The same neighbors that brought the first action sued again, but this time the lower court concluded that the new structure was a "garage" and therefore not prohibited by the restrictive covenant.  The Appellate Division disagreed, believing that the "garage" exception to the general prohibition against "outbuildings" was intended to be limited.  Although the covenant did not contain a definition of "garage," it stated that any "garage shall be used only as a private garage incidental to the dwelling."



Therefore, according to the Court, "a structure which is used or is readily susceptible to being used for some purpose other than as a garage [was] prohibited."  Therefore, it didn't matter that the structure could be used for the storage of motor vehicles because the other sections were not required for that purpose and were readily susceptible to a variety of other uses.  The restrictive covenant clearly precluded the construction of a free-standing storage facility or bathroom and the property could not avoid that prohibition "by simply incorporating a storage facility or bathroom in the same structure as the garage."


WORDS AND PHRASES; "GROSS FLOOR AREA:"    The construction of a zoning bylaw to define gross floor area as not including staircases and attics is a "reasonable construction" of the term.  Cameron v. DiVirgilio 768 N.E.2d 1094 (Mass.App.Ct. 2002). , discussed under the heading: "Zoning and Land Use; Procedure; Decision."


See other report under the identified heading for the facts and other issues. Appellants' final claim was that the special permit conflicted with the Town of Amherst's zoning by-laws because the gross floor area ("GFA") of the supplemental apartment would exceed the 600 foot maximum, if it the calculation thereof were to include, as the Appellants urged should have been the case, either the square footage of the staircase or of the attic.  The Amherst zoning by-laws did not define "GFA", and the Board interpreted GFA to mean habitable space, thus not requiring the inclusion of attic or staircase square footage in any calculations.  The appeals court noted that "the reasonable construction that a zoning board of appeals gives to the by-laws it is charged with implementing is entitled to deference," and  found that the Board's interpretation in the case at hand was "entirely reasonable."  The appeals court affirmed the judgment of the lower court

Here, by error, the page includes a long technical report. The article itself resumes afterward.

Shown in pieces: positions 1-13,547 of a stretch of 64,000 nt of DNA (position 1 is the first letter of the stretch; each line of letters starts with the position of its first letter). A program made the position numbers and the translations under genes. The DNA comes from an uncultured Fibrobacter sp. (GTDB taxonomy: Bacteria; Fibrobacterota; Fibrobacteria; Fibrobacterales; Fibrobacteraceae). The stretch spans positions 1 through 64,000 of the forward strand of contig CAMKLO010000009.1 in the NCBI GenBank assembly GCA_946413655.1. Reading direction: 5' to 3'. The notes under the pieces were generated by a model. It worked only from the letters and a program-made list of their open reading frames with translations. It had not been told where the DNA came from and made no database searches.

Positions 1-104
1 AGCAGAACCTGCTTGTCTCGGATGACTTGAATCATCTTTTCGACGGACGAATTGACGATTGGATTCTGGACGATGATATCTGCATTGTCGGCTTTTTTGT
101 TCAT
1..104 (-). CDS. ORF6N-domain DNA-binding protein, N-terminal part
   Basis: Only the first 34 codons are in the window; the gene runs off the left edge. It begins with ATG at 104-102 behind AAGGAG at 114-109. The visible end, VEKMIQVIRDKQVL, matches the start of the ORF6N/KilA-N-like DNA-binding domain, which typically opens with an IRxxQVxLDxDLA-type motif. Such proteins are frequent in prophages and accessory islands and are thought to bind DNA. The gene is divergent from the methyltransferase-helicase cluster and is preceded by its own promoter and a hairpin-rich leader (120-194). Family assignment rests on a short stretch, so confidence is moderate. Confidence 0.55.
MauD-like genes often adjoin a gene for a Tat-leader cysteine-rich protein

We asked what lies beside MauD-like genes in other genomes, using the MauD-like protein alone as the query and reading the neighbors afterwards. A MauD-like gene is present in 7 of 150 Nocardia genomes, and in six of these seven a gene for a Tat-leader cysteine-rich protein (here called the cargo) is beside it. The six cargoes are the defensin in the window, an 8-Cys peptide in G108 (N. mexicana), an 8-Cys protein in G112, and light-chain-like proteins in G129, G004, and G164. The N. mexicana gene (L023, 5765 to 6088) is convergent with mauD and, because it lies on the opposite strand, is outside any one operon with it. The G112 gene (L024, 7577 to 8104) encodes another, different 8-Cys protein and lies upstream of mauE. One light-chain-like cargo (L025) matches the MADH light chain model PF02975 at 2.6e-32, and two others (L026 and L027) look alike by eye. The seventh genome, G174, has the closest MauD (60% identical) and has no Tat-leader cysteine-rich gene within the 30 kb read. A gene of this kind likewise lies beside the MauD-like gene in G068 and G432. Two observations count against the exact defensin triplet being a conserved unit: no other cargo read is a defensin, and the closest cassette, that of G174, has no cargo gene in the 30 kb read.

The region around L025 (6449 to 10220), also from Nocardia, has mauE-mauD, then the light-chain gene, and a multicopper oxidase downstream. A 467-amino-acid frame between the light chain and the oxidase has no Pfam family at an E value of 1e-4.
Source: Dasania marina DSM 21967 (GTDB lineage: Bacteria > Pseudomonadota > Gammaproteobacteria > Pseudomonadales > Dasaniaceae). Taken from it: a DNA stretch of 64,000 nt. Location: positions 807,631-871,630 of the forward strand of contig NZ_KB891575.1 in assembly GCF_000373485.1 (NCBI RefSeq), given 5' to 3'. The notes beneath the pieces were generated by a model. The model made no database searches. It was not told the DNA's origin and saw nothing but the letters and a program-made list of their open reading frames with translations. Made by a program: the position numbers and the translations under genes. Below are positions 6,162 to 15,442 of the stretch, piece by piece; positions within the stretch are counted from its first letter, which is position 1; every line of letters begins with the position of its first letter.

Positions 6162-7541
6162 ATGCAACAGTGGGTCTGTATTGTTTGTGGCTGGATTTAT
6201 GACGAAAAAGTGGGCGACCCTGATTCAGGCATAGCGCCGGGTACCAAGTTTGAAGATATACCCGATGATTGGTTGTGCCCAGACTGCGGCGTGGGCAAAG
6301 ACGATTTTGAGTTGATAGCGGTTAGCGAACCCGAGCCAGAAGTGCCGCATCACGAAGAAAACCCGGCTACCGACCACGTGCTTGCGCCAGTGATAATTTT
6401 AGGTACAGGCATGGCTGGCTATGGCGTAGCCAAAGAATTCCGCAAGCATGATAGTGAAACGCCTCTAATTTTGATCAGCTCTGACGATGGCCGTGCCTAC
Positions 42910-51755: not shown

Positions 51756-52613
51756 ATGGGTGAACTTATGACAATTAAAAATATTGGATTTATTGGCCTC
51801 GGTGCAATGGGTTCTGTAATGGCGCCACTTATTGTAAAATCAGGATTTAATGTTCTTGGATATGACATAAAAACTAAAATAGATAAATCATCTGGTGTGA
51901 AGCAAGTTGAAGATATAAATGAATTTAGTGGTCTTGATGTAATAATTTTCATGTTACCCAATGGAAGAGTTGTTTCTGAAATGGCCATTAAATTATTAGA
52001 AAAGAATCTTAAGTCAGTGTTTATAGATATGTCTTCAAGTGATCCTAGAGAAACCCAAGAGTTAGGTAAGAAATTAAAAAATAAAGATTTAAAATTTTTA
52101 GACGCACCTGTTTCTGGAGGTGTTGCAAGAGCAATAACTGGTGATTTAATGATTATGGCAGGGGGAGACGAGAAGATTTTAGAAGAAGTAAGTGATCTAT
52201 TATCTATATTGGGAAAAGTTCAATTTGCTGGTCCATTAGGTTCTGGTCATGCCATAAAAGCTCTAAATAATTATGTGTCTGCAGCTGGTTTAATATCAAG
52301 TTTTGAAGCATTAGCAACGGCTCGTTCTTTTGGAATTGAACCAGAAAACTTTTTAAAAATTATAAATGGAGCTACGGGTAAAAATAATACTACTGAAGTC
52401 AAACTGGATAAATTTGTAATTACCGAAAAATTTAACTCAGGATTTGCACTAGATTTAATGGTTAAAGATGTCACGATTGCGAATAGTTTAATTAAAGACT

WORDS AND PHRASES; "MOBILE HOMES:"   A home that is "modular" or "manufactured" rather than "mobile" does not violate a restrictive covenant against "mobile homes" in a housing subdivision.

Howell v. Hawk & Snell v. Russell Long, 750 N.E. 2d 452 (Ind. App.



The court invoked Indiana's common law presumption against restrictive covenants, ruling that they should be strictly construed, and that, in case of doubt, they should be interpreted in favor of free use.   The manufactured  home in question was permanently affixed to the ground, and did not have wheels or a metal chassis underneath.  It looked like other homes in the subdivision, including modular homes that had been permitted.


Despite all of the above, the court did have trouble finally concluding that this was not a mobile home.  In the end, it decided to rely upon the meaning of the concept in 1972, when the covenant was drafted.  At that time, it concluded, the term "mobile home" meant a " vehicle. . . so constructed as to permit its being used a s a conveyance upon public streets or highways . . . having no foundation other than wheels, jacks, skirting or other temporary support."


Readers are urged to respond, comment, and argue with the daily development or the editor's comments about it.

Items in the Daily Development section generally are extracted from the Quarterly Report on Developments in Real Estate Law, published by the ABA Section on Real Property, Probate & Trust Law. Subscriptions to the Quarterly Report are available to Section members only. The cost is nominal. For the last six years, these Reports have been collated, updated, indexed and bound into an Annual Survey of Developments in Real Estate Law, volumes 1‑6, published by the ABA Press. The Annual Survey volumes are available for sale to the public. For the Report or the Survey, contact Maria Tabor at the ABA. (312) 988 5590 or